6. Tom Wright told me he is planning to drive his Model A to Alabama sometime. I didn't have the heart to ask him what his gas mileage is.

  7. Anonymous10:58 AM

    for anonymous @ 9:11 Actually none of the fee is for beach maintenace. The fee only covers the costs of implememnting the fee. In other words, the fee provides no actual benefit to protection of birds, turtles, or humans.

  8. If he is going in the summer, I'm not sure how well that "Air Condition" is going to work in bumper to bumper traffic in Atlanta.

  9. Anonymous8:23 PM

    Government social engineering at it's worst

  10. Anonymous9:16 PM

    PLEASE anon.10:58 am-- state your source . Please credit your white horse apologies to ted baxter lol. no benefit to wildlife au contraire,-- said portions are in deed off limits-- I do believe they will benefit from off limits ---and thus money needed to ENFORCE the OFF LIMITS if PEOPLE would follow the rules and say this is the right thing to do === monies would acrcue and other things could be done with the extra money!!!!!! Certainly there is documentation as to what wil be done with the fees. i love proving i am NOT A ROBOT too.

  11. Anonymous7:07 AM

    Ya'll could just walk the beach.

  12. Anonymous7:11 AM

    How do tourists get a 7 day pass? Can we get one when we're down there or do we have to have it before? Thanks!

  13. From the official NPS web site(

    4. Where do I get my ORV permit? Starting Feb 15, 2012, you can get your permit at any of the NPS ORV permit offices located at:

    • Bodie Island at the north end of the Coquina Beach parking lot (8101 NC 12 Highway, Nags Head, NC);

    • Hatteras Island by the Cape Hatteras Lighthouse Visitor Center (46368 Lighthouse Road, Buxton, NC); and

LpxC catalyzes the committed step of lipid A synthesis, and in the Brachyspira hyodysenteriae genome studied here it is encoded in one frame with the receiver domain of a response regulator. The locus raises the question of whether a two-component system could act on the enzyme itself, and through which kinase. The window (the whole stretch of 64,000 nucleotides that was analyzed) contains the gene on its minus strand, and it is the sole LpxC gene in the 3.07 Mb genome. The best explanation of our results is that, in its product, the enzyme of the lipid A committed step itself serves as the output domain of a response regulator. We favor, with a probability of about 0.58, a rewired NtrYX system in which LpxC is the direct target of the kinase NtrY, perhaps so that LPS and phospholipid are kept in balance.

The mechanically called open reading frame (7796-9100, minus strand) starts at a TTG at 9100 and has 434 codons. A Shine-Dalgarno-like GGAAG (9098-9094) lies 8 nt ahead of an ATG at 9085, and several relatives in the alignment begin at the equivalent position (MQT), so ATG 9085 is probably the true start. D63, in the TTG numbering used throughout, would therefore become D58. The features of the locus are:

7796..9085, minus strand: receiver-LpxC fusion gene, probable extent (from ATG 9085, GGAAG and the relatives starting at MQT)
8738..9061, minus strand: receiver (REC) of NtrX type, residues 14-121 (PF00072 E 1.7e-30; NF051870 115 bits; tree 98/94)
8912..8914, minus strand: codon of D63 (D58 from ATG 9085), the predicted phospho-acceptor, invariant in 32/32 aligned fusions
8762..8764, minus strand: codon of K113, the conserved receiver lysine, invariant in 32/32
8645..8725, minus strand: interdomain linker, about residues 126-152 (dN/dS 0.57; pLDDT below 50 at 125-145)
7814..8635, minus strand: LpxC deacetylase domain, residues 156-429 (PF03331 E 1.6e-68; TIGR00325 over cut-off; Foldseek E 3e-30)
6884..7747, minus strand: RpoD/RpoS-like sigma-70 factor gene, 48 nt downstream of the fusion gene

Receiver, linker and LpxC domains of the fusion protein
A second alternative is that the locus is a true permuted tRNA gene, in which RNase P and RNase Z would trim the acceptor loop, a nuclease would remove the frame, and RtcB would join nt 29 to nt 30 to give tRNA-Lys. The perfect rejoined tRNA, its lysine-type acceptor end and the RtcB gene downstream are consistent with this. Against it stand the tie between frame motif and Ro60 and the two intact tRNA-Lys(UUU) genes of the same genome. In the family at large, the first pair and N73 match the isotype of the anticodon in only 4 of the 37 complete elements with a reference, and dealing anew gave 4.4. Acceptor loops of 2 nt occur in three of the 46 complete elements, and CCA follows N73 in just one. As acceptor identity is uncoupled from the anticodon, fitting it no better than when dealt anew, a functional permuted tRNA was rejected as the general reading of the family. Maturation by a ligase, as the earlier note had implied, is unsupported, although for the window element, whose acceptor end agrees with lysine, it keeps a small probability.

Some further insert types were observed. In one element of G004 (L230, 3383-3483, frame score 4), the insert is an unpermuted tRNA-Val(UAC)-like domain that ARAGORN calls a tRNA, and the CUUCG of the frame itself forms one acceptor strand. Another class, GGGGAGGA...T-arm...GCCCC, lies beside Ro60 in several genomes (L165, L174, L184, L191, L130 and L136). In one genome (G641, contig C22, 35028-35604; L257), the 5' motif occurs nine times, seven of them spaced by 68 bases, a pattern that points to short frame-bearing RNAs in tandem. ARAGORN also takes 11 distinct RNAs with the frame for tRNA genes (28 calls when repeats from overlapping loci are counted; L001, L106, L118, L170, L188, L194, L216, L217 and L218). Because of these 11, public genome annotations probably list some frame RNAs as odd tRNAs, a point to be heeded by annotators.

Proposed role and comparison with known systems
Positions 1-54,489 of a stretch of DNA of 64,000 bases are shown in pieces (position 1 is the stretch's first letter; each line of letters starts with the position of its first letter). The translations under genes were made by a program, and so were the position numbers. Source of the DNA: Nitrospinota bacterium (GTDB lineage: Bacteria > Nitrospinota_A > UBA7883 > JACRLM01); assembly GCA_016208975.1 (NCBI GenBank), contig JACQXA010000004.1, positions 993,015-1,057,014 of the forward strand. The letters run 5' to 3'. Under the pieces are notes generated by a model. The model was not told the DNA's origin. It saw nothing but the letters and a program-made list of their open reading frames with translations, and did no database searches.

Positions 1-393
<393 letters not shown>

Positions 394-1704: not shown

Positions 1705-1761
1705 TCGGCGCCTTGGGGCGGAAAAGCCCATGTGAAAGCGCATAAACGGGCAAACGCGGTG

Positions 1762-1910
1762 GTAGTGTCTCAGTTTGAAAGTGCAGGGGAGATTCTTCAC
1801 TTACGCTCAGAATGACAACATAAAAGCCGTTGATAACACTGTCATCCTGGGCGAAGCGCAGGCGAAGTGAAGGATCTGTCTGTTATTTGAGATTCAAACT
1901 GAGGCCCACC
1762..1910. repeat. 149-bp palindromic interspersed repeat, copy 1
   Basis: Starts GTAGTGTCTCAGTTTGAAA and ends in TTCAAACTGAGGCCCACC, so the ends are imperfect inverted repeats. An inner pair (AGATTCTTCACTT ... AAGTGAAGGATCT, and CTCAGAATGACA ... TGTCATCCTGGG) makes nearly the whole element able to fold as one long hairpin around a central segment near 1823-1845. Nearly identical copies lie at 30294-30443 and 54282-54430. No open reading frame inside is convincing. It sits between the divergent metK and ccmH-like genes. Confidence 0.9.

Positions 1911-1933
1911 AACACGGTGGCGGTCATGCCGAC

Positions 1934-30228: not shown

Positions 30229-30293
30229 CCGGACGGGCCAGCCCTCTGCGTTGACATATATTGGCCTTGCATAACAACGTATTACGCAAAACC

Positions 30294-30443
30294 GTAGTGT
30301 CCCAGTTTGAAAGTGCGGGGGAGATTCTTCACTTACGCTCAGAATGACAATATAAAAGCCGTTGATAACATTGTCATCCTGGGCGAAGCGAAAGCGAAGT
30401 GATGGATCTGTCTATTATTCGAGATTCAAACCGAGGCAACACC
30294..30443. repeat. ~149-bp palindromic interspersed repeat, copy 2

• Ocracoke Island by the NPS visitor center (40 Irvin Garrish Highway, Ocracoke, NC).

    Permit offi ces are open year-round, 7 days a week, 8 am–4:30 pm (closed Christmas Day). Hours will be extended on weekends and holidays during the summer season.

  14. Anonymous9:43 AM

    @anon 9;16: NPS issued a statement that the fees collected for the permits would be used to pay for the costs of the permits. The permitting process is expensive and requires extra employees. NPS set the fees at the amounts they did so that they could cover the cost of operating the system.

    The permits don't affect the regular seasonal beach closures to protect birds and turtles. Those will still be in place. The permits came into effect because the law required an ORV policy. It could have been a different policy, but it's not.

    @anon 7:07: I wish more people would.

  15. Wesley9:05 AM

    Philip - is this the 1929 Ford you took a ride in?

    I saw it parked in a driveway near a house we rented while staying in Ocracoke back in August. What a beautiful car and pleasant surprise to be able to photograph it.

    More photos I took during the trip with a 1950's model Argus C3 film camera can be found at if anyone is interested...

  16. Wesley, that is the 1929 Model A. Thanks for the photo...and for your gallery of photos. Very nice.